December 14, 2020

Gov. Ivey awards grant for pets of domestic violence victims

By haziqbinarif


Posted: Updated:

Pets_1554376933980_80610746_ver1.0_640_360_1554382772538-842137442.jpg

BIRMINGHAM, Ala. (WIAT)– Like children, pets can often be caught in the middle of household issues or situations that can cause them distress and anxiety. 

A program in the Birmingham area is looking out for those pets that are caught in the middle of domestic violence incidents. SafePet, a program created by the Humane Society of Shelby County, provides any care for animals whose owners are recovering from domestic abuse situations. 

“What we do is try to eliminate pet ownership as a barrier for seeking help by someone who’s in a domestic violence situation. A lot of people are afraid to leave because they’re afraid to leave their pet because the pet has been abused or threatened or they go into a shelter or a relative’s home and they don’t have anywhere for their pet to go. We provide housing for the pet whether that be boarding or a foster situation. We provide any vaccinations that the pet needs and if there’s any urgent medical needs we can take care of that,” SafePet coordinator Heather Smith explained. 

The program has been around since 2018 and has scaled down their areas of coverage in order to make their mission as manageable as possible. 

“Previously, they were serving the entire state but it actually ended up being a little too much. Now we’ve kind of reduced it down to Jefferson, Shelby and Sinclair counties,” Smith said. 

Alabama Gov. Kay Ivey was also looking out for pets in these kinds of situations as she awarded a grant of $52,000 to the Humane Society of Shelby County, who implemented the program. The funds for the grant were provided by the U.S. Department of Justice and will play a huge role in helping the program help others.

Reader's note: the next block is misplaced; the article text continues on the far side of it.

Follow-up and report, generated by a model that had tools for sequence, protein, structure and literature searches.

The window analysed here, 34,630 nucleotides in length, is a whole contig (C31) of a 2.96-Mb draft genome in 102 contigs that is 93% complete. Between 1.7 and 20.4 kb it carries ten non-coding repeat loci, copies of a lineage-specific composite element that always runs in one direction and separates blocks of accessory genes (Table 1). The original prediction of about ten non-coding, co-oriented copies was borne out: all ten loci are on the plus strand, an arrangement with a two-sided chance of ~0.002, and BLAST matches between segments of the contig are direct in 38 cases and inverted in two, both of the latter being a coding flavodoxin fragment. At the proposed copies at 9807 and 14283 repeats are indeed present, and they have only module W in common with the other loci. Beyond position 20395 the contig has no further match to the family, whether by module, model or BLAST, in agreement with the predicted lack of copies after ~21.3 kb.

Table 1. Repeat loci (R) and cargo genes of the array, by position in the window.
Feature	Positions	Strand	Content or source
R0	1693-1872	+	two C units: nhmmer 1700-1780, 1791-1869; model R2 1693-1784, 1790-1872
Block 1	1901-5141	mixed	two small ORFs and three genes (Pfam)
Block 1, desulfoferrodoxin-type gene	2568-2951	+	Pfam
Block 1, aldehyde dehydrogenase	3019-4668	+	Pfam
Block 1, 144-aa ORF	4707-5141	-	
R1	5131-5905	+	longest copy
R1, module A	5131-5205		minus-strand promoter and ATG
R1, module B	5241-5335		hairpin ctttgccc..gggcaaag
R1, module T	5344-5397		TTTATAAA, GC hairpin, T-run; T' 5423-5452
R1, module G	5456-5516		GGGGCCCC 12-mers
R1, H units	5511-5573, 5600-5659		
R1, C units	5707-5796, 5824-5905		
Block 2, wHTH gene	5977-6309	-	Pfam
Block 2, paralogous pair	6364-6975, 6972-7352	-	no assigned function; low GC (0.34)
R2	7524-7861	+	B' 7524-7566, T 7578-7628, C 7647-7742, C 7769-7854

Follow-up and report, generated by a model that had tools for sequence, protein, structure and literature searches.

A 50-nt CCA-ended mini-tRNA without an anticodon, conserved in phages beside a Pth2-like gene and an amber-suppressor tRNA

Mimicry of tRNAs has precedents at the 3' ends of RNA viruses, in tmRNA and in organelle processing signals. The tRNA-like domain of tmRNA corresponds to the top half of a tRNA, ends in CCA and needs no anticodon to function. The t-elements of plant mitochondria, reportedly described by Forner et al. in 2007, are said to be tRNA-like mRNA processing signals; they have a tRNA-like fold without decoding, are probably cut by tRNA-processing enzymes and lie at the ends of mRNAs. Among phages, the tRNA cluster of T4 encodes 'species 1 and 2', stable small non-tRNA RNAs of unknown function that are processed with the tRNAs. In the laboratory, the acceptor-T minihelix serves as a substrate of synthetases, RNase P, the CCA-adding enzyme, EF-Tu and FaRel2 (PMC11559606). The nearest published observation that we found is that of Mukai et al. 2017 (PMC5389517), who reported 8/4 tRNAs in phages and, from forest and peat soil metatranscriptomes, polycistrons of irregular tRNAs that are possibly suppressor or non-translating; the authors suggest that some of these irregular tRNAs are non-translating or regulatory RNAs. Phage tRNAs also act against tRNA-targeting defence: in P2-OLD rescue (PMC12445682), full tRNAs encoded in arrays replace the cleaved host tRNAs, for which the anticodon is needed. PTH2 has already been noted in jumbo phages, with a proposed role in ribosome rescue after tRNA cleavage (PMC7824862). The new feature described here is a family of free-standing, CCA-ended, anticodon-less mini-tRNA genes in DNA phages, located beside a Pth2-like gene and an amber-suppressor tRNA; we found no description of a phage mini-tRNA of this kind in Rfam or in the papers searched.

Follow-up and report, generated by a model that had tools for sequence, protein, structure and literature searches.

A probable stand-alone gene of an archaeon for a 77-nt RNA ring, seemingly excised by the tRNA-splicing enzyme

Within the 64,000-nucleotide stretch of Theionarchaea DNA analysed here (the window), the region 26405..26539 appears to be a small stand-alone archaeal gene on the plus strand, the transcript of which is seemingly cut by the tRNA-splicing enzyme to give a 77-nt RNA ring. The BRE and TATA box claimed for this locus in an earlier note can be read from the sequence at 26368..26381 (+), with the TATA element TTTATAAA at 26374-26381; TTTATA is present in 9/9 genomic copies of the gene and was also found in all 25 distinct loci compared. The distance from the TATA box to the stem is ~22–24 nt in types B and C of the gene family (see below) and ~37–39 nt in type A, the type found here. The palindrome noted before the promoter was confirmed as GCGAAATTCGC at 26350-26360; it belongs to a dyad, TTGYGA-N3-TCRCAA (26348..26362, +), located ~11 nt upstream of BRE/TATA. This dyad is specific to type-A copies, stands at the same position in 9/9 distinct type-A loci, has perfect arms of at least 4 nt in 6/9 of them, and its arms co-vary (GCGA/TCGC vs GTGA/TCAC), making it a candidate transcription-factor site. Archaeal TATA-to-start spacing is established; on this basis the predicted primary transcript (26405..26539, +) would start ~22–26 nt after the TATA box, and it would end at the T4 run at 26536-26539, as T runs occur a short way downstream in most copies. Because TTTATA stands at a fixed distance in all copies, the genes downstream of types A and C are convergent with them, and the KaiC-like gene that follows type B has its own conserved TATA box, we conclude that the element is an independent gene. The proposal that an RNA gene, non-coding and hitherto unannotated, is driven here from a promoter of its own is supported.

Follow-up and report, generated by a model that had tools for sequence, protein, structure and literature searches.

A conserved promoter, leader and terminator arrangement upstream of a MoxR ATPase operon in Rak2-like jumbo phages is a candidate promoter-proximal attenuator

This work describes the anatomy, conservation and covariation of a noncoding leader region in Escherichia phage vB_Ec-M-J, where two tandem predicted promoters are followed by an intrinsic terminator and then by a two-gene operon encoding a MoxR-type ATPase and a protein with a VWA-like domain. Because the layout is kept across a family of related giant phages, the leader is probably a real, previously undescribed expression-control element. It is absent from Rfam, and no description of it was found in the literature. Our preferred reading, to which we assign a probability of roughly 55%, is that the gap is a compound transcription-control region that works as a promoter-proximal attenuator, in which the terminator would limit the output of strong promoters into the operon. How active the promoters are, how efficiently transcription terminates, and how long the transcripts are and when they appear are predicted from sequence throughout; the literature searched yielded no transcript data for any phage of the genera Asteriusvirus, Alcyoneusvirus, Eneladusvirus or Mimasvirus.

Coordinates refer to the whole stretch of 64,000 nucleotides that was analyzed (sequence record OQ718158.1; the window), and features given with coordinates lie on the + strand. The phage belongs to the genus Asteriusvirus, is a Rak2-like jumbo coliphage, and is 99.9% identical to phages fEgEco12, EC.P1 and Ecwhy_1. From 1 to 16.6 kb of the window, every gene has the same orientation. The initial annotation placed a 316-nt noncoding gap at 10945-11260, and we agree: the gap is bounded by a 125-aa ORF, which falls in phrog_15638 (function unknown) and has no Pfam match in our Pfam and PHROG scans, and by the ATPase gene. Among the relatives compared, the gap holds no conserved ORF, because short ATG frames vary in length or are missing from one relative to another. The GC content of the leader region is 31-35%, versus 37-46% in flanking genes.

“The grant was actually provided through ADECO which is the Alabama Department of Economic and community affairs. It basically just provides all the funding we need to provide these services to those who need it in the community,” Smith said. 

As many can be hesitant about opening up when it comes to domestic abuse, referrals can be made by those aware of these situations. 

“We receive referrals from our community partners from our community partners like the domestic violence programs like their counselors or case managers,” Smith explained. 

While the program’s organizers are aware that even though these people may leave to get help, they still love and care for their pet. This is why one of the end goals of the program is to reunite owners with their furry friends. 

“Once someone has completed their treatment, we can help with pet deposits or pet food, crates, anything like that that they may need so they can be reunited with their pet,” Smith said. 

If you know someone who could be positively impacted by the SafePet program or you just want some more information, their hotline is 1-888-926-1513.




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